Obituary: Karl Ridderbusch
He duly sang Fasolt, Hunding, Fafner and Hagen in Bayreuth, and several of those roles at the Metropolitan, New York and at Covent Garden, but his voice encompassed a very wide range, and he became particularly noted for his portrayal of Hans Sachs, which he sang at the Easter Festival in Salzburg under the baton of Herbert von Karajan.
Another favourite and much-admired role was that of Baron Ochs in Der Rosenkavalier. An excellent actor, he sang a number of comic roles, including Rocco (Fidelio), Van Bett (Lortzing's Zar und Zimmermann), Nicolai's Falstaff, and Kecal (The Bartered Bride); he never, even as Ochs, overplayed the comic business, but in more dramatic parts such as Caspar (Der Freischutz) and Pizarro (Fidelio), not to mention his Wagner repertory, he used his fine voice and impressive height to even greater advantage.
Karl Ridderbusch was born in Recklinghausen in 1932. He trained to be an engineer, intending to work in his father's brick-works. His voice was discovered when he entered an amateur competition held by the Herzog Film Company in Dusseldorf, where he was heard by the tenor Rudolf Schock. Encouraged by Schock, who paid for part of his studies, first in Duisberg, then in Essen, Ridderbusch made his stage debut in 1961 at Munster.
In 1964 he moved to Essen, and in 1965 to the Deutsche Oper am Rhein in Dusseldorf/Duisberg, which remained his home base for the remainder of his career, and where he sang Italian roles such as Henry VIII in Donizetti's Anna Bolena and Philip II in Don Carlos, as well as the German repertory.
Ridderbusch was soon giving guest performances, in Vienna, Berlin, Frankfurt and Hamburg, in Dallas, where he sang Sarastro in Die Zauberflote in 1966, and at the Paris Opera, where he sang King Mark in Tristan und Isolde in 1967. That same year he made his Bayreuth debut as King Henry in Lohengrin, followed by Titurel in Parsifal and Fasolt in Das Rheingold, and his Metropolitan debut as Hunding in Die Walkure, later singing Fafner in Siegfried.
He made his Covent Garden debut in 1971 as Fasolt, Hunding and Fafner, returning as the Landgrave in Tannhauser in 1974.
Ridderbusch continued to appear at Bayreuth for the next decade, as Hunding, Hagen (Gotterdammerung), Daland (Der fliegende Hollander), and Pogner as well as Hans Sachs in Die Meistersinger, which soon became his most successful role. He gave an especially fine performance at the Salzburg Easter Festival in 1974. He returned to the Metropolitan in 1976 as Sachs and sang the role at the Lyric Theatre, Chicago in 1977.
During the 1980s Gurnemanz in Parsifal became one of his most successful interpretations: he sang it at Turin (1982), Cologne (1983) and Rome (1984). Another finely characterised part was the Doctor in Wozzeck, which he sang in Munich in 1982, and repeated at Madrid in 1987, when I wrote that he was "a sinister Doctor, his colossal shoulders twitching with maniacal glee as he contemplated Wozzeck's moral and physical failings . . ."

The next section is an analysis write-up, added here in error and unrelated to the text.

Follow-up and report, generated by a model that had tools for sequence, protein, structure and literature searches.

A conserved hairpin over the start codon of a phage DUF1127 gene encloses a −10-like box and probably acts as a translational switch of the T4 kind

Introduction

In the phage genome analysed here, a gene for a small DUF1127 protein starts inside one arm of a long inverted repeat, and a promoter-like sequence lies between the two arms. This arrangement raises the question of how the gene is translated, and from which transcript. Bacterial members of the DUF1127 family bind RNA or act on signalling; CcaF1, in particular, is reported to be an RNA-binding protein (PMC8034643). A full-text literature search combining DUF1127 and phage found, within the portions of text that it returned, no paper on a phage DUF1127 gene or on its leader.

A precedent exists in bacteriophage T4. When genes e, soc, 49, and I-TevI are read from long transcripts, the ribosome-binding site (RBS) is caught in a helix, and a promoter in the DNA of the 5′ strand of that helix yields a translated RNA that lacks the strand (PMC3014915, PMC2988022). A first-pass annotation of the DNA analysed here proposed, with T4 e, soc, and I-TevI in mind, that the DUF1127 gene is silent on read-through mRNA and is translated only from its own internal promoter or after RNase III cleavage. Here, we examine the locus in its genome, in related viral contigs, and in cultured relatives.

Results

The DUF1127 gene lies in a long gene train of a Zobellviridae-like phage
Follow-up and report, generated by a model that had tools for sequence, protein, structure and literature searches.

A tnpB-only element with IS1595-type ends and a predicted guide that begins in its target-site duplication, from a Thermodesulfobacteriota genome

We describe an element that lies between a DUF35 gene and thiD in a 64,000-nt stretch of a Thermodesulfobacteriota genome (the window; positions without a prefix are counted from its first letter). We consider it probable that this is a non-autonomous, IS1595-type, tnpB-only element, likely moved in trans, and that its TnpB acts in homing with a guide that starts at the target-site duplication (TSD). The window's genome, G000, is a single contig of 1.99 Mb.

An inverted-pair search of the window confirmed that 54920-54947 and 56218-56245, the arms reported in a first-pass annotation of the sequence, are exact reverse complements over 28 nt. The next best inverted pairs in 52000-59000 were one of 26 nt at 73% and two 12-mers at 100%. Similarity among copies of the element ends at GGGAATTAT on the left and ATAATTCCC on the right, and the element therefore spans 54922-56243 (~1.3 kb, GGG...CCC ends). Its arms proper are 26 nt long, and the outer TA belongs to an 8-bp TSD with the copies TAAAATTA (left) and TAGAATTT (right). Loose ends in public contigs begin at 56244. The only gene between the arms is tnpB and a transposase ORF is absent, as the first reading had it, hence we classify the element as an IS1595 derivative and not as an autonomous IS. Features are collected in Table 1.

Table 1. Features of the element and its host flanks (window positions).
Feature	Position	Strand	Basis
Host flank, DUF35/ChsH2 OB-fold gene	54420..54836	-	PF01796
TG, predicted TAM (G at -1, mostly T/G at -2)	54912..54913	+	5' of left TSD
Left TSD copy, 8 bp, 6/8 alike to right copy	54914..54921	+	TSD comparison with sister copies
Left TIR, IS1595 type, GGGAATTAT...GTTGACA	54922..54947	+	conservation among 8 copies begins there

The last time I heard Karl Ridderbusch was later that year, when he took the small role of the Podesta in Schreker's Die Gezeichneten in Dusseldorf. This production was taken to the Vienna Festival in 1989. He sang Falstaff in Die lustige Weiber von Windsor for the Deutsche Oper am Rhein in 1991.
In his prime Riddersbusch made a great many recordings: he can be heard as Pogner and Sachs, King Mark, Titurel and Gurnemanz, as well as in his usual roles in Der Ring, and as Rocco. My own favourite among his recordings is Richard Strauss's Capriccio, in which he takes the part of the theatre director La Roche and in his great monologue both explains and demonstrates what opera is all about.
Karl Ridderbusch, opera singer: born Recklinghausen, Germany 29 May 1932; twice married (two sons, one daughter); died Wels, Austria 21 June 1997.
From the blogs
Even though there was a complete absence of our favourite odd couple Brienne and Jaime, we got anoth...
If you had any doubt where Binky gets her brilliantly brassy disregard for social graces, episode se...
As England’s new football strip – made by Nike – is revealed today, new research shows the English F...
The Photography Blog: ‘Control Order House’ by Edmund Clark – Photographing our response to terrorism
Recent events in Boston have served as a painful reminder of the threat posed by terrorism. In Contr...
Strewth mate. Aussies wave goodbye to Britain as it becomes too pricey to stay
World news in pictures
X marks the spot: The find that could rewrite Australian history
At least 91 feared dead including 20 children as massive tornado rips through Oklahoma
David Cameron offers civil partnership review and seeks to smooth relations with angry activists as gay marriage Bill clears major hurdle
- 1 Austerity has hardened the nation's heart
- 2 Tottenham to smash pay scale with £150,000-a-week contract in attempt to tie Gareth Bale to club
- 3 Strewth mate. Aussies wave goodbye to Britain as it becomes too pricey to stay
- 4 Be more professional! GCHQ staff rapped as WikiLeaks founder Julian Assange reveals messages that he says point to 'fit up'
- 5 Join Ryanair! See the world! But we'll only pay you for nine months a year
BMF is the UK’s biggest and best loved outdoor fitness classes
Find out what The Independent's resident travel expert has to say about one of the most beautiful small cities in the world
Win anything from gadgets to five-star holidays on our competitions and offers page.
£350 - £500 per day: Progressive Recruitment: Project Manager - Public Sector ...
£30000 - £35000 Per Annum: The Green Recruitment Company: The Green Recruitmen...
Negotiable: Capita Education Resourcing Permanent Team: HR Manager Independe...
£45000 - £50000 per annum + benefits: Huxley Associates: INTERIM HR MANAGER - ...